|HEALTH TRIBUNE||Wednesday, July 4, 2001, Chandigarh, India|
Our human destiny from 0 to 100
Kicking smoking habit — and each other
to organise time
over human rabies— II
Our human destiny from 0 to 100
Rapid development within seconds of birth, as organs such as the lungs and gut start to function independently. All body systems are fully formed at birth, but need to grow — which they do, fast, within the first year. Rapid brain growth during first two to three years, as nerves develop to conduct neural messages faster. The crucial stage for mental development is now thought to be from birth to age eight. Body growth accelerates during the pre-school period: weight triples and height doubles. Bones are growing, most rapidly during the first year — by the age of 10, 78% of growth is complete. The organs, pretty much complete at birth, need to mature to full function: the liver takes four to five years, while the gut and kidneys can cope with solid food by the age of three months. The immune system is fully developed by the age of four to five. Vision and other senses are largely formed at birth, although the brain doesn’t have the pathways to use them to full capacity. Milk teeth are developed by 12 months, but not fully erupted until age two-three years. Adult teeth begin to emerge between the ages of six and eight. Skin is full of elastin and collagen, and is hence plump, perfect and at its most robust.
Development of reproductive capacity as puberty begins at the age of 11-12. The hypothalamus begins to produce sex hormones and transmits these to the gonads (ovaries and testes). In girls, oestrogen production means that breasts and uterus grow, menstruation strikes and body fat increases dramatically, especially on the hips. Meanwhile, testosterone creates testicular volume, semen production and ejaculation, voice changes, increased muscle mass and wide shoulders in boys. The second of life’s growth spurts occurs during this period, typically at the age of 12 for girls and 14 for boys. Bones develop: 40% of bone minerals are acquired during adolescence. The brain also matures during this period and we develop the capacity for abstract thought (hence all that teenage angst). By the age of 16-17, most neural pathways are hardwired. A child of 14 has a liver one and a half times the size of a four-year-old. A child of 14 will also have most of their adult teeth.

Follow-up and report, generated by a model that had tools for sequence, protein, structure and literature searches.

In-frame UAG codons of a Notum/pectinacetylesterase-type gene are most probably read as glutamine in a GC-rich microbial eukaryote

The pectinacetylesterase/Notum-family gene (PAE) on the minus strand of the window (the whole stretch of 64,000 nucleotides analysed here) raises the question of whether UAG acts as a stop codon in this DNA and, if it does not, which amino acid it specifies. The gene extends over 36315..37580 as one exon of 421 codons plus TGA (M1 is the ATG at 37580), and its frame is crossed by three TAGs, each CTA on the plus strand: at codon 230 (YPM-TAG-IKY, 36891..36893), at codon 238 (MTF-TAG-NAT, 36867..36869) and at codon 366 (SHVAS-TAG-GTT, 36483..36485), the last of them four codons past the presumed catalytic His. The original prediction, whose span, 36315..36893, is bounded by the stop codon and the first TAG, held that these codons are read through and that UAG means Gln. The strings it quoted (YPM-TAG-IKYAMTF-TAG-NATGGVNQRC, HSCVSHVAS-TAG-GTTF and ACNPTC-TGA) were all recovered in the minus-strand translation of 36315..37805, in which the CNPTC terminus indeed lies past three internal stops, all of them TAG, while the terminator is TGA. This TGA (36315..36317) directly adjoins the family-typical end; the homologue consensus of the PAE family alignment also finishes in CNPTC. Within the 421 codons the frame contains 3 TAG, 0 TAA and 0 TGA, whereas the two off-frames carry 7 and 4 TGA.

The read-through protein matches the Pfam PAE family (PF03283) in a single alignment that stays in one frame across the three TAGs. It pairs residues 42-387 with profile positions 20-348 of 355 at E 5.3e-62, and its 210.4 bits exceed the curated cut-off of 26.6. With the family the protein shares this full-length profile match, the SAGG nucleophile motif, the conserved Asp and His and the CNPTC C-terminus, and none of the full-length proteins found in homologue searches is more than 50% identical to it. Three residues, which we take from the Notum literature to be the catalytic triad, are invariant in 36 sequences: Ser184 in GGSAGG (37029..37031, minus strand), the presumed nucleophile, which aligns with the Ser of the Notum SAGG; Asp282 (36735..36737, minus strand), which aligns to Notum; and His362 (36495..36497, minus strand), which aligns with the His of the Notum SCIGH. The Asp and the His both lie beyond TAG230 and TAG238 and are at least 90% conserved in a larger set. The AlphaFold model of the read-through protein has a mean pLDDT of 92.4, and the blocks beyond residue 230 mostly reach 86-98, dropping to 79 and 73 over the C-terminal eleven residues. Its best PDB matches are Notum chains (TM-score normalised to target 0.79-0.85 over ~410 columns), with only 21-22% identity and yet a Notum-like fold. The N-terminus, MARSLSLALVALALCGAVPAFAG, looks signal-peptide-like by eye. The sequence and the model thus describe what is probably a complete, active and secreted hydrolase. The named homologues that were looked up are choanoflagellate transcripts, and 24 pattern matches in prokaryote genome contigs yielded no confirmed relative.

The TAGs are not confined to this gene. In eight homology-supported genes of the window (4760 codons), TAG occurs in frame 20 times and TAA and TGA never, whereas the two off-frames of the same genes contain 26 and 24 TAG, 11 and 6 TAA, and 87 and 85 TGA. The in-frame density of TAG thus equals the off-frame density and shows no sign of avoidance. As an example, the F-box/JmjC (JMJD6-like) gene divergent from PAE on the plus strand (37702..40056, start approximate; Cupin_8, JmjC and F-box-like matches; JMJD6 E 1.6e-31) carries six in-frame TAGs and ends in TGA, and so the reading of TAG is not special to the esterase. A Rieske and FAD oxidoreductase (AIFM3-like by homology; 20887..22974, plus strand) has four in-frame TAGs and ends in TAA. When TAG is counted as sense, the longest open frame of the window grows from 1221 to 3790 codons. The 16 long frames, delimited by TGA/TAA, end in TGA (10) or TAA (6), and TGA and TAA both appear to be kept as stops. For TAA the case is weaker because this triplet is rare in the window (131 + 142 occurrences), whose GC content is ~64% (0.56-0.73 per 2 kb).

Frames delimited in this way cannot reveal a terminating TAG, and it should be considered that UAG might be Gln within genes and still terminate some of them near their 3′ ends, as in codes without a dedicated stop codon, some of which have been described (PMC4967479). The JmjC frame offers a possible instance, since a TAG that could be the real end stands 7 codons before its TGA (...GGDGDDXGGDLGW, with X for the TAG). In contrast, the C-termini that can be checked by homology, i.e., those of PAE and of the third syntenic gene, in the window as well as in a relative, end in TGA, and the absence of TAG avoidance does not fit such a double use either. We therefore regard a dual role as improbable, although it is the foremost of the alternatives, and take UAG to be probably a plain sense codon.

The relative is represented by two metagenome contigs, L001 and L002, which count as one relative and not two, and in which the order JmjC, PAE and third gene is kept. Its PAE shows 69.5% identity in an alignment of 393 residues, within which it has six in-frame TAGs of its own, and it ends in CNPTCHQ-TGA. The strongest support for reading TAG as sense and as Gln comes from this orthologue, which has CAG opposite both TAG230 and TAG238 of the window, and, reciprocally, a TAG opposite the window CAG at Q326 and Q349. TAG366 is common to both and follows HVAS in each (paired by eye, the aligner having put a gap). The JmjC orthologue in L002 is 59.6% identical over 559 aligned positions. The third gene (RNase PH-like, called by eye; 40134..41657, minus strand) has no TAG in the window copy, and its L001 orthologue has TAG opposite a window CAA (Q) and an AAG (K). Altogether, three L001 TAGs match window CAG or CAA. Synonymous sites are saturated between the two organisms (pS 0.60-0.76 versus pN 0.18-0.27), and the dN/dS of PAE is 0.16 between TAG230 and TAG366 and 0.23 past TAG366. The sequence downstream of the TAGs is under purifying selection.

At the age of 25, the body is at its peak: this is when nature decrees that we should reproduce. Muscle tissue, joint mobility, brain and sexual functions are all at a prime. Body organs are all at optimum health. It’s all downhill from here. Skin is the first organ to show signs of ageing — it becomes less elastic, and less able to repair.
Ageing starts to show: 1% of muscle mass is lost every year from around the age of 35. Skin starts to become loose and saggy. Short-term memory starts to go, especially if the person is also under stress.
Bone density, or strength, begins to decline because calcium is lost and not replaced. This process is especially marked in women, due to the menopause, which typically occurs during this decade. Oestrogen production ceases, and women start to feel pain in joints and changes in libido. Men suffer from prostate problems (incomplete emptying of bladder and the need to urinate in the small hours), and tiredness. Memory problems get worse, especially for men. Spleen mass and body height are also in decline, at a rate of 1% a year from now on. Kidney function declines by 10% per decade from now on. All senses begin to decline, including balance.